Review: Les Miserables

Les Miserables

Film review: Les Miserables

Cast: Hugh Jackman, Russell Crowe, Anne Hathaway, Eddie Redmayne, Amanda Seyfried, Sacha Baron Cohen, Helena Bonham Carter

Director: Tom Hooper

Indian Express Rating: ***

Victor Hugo's novel is as much about the characters as the circumstances that shape them. A film, even at 158 minutes, can't be expected to go into all that. More an adaptation of the longest-running musical Les Miserables based on the novel, that was first staged in 1985 and has since won over 100 awards, the film remains true to this version's spirit, its songs and even how it is picturised visually. Does it do justice to Hugo's underlying theme of oppression, liberation, redemption and change is another matter altogether.

For lost somewhere in the relentless singing and the overwrought performance of Hugh Jackman is that sense of a society in change. Hugo told that through his four main characters of Valjean (Jackman), Fantine (Hathaway), Javert (Crowe) and Marius (Redmayne) yes, but each of them stood for a section of society held prisoner by its own constrictions. The goodness of a few sometimes soared above those constrictions, but the film has no time for them.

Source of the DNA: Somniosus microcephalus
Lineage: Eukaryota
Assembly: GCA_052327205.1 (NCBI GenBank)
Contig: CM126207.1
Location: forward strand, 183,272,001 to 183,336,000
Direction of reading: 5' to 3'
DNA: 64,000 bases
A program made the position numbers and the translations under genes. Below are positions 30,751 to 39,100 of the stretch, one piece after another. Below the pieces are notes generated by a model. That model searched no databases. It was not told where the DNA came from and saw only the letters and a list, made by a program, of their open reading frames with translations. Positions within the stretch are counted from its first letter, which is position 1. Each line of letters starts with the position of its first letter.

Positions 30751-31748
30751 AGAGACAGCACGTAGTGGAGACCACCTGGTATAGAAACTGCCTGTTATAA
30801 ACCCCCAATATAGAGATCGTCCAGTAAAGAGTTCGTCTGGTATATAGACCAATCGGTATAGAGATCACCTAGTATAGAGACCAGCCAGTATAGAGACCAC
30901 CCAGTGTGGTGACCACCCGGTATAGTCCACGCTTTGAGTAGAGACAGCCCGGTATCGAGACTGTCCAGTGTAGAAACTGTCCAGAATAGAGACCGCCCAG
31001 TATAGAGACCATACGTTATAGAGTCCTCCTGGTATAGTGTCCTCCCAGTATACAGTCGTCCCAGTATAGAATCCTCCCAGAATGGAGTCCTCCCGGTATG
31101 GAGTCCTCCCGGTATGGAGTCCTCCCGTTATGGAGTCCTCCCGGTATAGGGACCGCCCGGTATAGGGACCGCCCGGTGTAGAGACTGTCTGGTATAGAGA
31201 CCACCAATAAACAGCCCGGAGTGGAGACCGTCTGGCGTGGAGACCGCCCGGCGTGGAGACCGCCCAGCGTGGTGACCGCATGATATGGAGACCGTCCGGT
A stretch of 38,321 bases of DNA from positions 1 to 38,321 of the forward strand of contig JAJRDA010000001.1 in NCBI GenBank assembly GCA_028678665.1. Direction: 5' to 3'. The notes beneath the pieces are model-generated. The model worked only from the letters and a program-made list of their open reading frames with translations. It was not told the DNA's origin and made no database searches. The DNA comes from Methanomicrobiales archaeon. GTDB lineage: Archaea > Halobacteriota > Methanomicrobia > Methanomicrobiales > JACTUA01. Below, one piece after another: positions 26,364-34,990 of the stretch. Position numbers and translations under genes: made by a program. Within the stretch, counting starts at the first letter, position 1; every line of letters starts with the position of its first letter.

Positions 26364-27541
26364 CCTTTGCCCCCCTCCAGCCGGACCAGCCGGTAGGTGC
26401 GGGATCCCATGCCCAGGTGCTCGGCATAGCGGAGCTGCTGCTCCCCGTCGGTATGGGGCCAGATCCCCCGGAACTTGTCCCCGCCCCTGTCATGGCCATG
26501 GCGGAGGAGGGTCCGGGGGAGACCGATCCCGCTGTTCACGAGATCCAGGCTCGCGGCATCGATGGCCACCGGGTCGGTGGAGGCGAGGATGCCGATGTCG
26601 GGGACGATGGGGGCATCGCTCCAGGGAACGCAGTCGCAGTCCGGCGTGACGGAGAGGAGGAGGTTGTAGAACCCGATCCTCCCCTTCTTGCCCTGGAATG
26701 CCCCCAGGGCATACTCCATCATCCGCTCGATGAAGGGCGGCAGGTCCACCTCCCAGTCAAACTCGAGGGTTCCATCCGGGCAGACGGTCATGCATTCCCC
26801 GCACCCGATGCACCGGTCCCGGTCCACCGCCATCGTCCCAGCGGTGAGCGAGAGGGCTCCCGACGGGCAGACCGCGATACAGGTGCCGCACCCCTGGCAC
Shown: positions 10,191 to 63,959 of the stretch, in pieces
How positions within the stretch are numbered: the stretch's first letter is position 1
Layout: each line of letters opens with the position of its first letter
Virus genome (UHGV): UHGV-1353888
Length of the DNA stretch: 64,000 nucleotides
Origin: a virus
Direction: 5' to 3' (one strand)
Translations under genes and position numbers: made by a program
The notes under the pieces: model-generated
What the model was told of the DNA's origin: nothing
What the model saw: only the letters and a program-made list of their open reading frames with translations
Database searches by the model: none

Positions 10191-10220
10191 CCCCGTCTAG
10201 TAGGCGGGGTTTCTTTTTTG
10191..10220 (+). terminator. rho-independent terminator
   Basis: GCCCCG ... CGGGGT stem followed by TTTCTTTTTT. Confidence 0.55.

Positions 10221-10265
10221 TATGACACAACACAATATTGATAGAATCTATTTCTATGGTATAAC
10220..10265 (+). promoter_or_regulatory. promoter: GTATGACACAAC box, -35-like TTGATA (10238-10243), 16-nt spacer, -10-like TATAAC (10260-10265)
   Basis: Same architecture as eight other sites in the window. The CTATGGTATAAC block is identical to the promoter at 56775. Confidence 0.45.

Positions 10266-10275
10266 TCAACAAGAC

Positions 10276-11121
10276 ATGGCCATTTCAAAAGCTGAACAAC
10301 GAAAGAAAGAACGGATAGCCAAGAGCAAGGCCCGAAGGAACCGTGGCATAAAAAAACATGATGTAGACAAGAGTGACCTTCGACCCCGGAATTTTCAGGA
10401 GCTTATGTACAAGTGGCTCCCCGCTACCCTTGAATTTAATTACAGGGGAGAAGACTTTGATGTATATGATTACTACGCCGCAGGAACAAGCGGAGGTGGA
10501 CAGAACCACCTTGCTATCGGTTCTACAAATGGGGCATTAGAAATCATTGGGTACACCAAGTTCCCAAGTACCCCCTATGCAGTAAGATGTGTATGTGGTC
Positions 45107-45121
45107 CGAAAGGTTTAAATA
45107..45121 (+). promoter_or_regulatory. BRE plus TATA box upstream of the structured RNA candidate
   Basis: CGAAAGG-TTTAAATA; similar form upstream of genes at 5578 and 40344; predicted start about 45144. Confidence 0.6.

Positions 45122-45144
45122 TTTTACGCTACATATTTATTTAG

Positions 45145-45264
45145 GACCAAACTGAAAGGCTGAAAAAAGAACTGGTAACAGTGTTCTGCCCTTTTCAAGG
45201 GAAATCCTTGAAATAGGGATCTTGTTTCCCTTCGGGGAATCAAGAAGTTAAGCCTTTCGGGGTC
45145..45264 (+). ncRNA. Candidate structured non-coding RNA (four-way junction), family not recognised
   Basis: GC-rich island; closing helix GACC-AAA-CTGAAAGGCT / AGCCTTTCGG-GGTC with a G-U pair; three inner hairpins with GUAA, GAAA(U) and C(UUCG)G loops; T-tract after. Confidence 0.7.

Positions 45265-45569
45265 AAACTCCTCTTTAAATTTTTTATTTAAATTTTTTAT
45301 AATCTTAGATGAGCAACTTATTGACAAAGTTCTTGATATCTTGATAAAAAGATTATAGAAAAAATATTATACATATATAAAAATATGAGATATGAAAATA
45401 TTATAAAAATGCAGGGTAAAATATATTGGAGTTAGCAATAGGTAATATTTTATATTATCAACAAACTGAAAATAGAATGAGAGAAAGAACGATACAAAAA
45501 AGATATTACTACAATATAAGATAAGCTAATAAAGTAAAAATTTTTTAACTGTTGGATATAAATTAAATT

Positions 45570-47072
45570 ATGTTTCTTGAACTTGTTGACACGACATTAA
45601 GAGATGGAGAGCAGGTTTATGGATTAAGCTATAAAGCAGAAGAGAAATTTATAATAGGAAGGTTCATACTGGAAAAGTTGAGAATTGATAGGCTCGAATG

It's the character of Valjean, the moral centre of the story, who suffers most as a result. His dilemmas and handwringing are too visibly played out to seem real. And Jackman doesn't have the depth to make it seem like coming from somewhere deeper within. Crowe's singing isn't as good but his Inspector Javert, Valjean's arch enemy who is as tortured but won't acknowledge it, on the other hand visibly rests on a precipice as director Hooper never lets us forget.

That is the other problem with Hooper. His direction style is one of reiteration and of mounting spectacles (a contrast from his previous The King's Speech), and the most glaring example is when Javert and Valjean are introduced to us. Valjean is hauling a ship and later a pole, which will immediately draw to mind a certain someone dragging a cross. It's meant to impress but leaves no impression.

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